The Joyce, NYC
By Laura Di Orio.
A night of dance that leaves you inspired and wanting more is a good one, and that’s just how it was with Parsons Dance during their season at the Joyce Theater this January. The company presented an array of old work and new premiers, all musically-driven and all full of exciting, passionate dancing.
The intermission-less program on Wednesday, January 18, began with Parsons’ newest work, Round My World, with music by contemporary composer and cellist, Zoe Keating. A pool of light (used often in Parsons’ work) shines down on the six dancers, dressed in denim-colored dresses for the women and actual denim jeans for the men, who move slowly in a circle. We are given these few moments to register, to become present, and then the dancers soon enough progress and pick up the pace. As the name of the piece suggests, the dancers use every opportunity to create circular shapes – individually, with partners, as turns, as lifts, with their arms, or all joined as one. Even Keating’s long cello notes begin to sound like circles.
Round My World takes the initial clean circle and, throughout the piece’s series of duets, abstracts it so that the recurring circles, although still present, become less obvious and more a part of the memory of the dance. As the evening’s opener, we understand that Parsons’ work allows each dancer his/her moment and that dance is meant to be shared – with the audience, with other dancers and among partnerships onstage.
Next, an excerpt from Step Into My Dream is simply a playful dance for boy and girl. Eric Bourne and Sarah Braverman look stunning in white together, as they move through this jazzy duet. The middle becomes almost a call and response turning contest, but the piece remains light throughout.
Former Parsons dancer Katarzyna Skarpetowska is featured as guest choreographer in the program’s next work, A Stray’s Lullaby, with Kenji Bunch’s music, a fusion of old city sounds and rooted, throaty country croons. The dancers look great as individual characters in period costumes by Reid Bartelme.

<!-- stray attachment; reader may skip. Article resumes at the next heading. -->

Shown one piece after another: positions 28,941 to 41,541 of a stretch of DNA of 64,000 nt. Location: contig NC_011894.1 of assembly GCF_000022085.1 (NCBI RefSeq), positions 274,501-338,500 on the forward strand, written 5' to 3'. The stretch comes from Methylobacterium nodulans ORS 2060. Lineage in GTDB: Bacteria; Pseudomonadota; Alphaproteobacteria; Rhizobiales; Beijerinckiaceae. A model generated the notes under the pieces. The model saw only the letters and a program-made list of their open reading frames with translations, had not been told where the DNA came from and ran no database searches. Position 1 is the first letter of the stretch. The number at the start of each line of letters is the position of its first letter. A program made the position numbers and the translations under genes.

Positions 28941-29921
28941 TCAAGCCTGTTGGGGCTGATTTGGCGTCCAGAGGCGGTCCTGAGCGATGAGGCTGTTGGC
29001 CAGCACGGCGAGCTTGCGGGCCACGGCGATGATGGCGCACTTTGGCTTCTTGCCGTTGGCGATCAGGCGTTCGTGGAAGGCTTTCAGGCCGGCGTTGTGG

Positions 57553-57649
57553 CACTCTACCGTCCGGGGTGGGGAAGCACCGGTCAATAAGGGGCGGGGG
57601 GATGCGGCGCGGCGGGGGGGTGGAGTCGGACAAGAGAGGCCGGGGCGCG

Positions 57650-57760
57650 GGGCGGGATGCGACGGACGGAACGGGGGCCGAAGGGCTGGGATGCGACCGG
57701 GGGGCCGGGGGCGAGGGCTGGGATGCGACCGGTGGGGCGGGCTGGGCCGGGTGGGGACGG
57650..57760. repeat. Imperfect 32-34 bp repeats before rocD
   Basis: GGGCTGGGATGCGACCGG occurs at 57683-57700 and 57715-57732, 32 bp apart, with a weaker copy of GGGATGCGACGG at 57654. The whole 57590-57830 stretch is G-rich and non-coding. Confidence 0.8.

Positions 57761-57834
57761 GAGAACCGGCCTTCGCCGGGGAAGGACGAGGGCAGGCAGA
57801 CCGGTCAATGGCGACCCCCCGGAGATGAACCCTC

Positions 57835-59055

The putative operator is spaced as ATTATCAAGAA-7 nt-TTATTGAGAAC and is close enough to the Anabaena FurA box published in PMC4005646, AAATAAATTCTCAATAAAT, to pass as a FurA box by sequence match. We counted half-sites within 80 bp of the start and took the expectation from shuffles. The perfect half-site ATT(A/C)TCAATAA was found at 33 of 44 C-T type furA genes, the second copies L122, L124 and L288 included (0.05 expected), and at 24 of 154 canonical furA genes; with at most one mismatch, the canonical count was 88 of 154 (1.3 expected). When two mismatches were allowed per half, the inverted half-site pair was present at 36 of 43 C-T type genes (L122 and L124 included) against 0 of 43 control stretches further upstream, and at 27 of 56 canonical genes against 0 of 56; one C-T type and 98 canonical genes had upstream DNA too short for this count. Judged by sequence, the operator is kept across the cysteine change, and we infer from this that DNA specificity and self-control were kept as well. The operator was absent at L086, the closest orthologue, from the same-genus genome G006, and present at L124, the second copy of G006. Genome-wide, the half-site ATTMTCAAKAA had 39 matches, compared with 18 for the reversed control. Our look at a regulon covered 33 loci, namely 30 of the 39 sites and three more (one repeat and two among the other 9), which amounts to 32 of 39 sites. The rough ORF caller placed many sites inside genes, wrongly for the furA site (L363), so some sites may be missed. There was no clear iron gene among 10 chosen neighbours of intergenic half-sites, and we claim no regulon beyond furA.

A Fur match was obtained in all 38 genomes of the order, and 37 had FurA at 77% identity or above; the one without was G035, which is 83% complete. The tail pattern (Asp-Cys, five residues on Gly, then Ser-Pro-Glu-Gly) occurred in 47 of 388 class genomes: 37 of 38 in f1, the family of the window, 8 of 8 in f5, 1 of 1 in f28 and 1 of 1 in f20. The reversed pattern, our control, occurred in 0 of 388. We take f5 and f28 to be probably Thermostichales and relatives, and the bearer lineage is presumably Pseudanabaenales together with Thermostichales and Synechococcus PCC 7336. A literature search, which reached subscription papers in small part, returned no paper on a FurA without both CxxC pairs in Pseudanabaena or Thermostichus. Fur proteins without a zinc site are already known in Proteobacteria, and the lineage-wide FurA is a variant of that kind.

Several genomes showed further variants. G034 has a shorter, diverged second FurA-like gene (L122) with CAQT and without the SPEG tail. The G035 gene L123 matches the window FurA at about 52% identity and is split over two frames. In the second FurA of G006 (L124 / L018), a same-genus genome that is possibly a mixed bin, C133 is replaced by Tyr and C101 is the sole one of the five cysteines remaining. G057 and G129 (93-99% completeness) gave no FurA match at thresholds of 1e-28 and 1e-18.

The piece opens with the dancers moving like liquid amidst gritty car horns and raindrops. They soon depart, and Christina Ilisije elicits a most passionate solo, arching, bending and throwing herself to the ground. She is fighting with herself and reaching for something offstage, from where the streams of light hit her. Jason Macdonald dances a solo where he appears larger than life as he sautés around the Joyce stage, which suddenly seems small. At the end of his passage, he too, is drawn to a light, this one way downstage, and his even more enormous shadow is cast on the backdrop. And one can’t glance away from the beautifully exotic Elena D’Amario, partnered by Christopher Bloom.
Next is Parsons’ Caught, a guaranteed crowd-pleaser, during which one dancer (Steven Vaughn on this evening) moves in and out of scattering spotlights before daring to stand, then jump, then leap through strobe lights. Vaughn’s commitment and picture-perfect clarity make him appear to fly. If the audience was to depart Caught for just one second, it would think, “Is this real?”
The program’s closer, Swing Shift, simply exemplifies the joy of dance and shows that Parsons’ dancers really love what they do. They are so clear in their shapes, so caring in their partnering and so focused with their eyes. And in Swing Shift, like in the entire program, each dancer deservedly gets a chance to shine.
Top photo: Ian Spring, Melissa Ullom, Steven Vaughn, Elena D’Amario, Eric Bourne & Sarah Braverman in Round My World. Photo Krista Bonura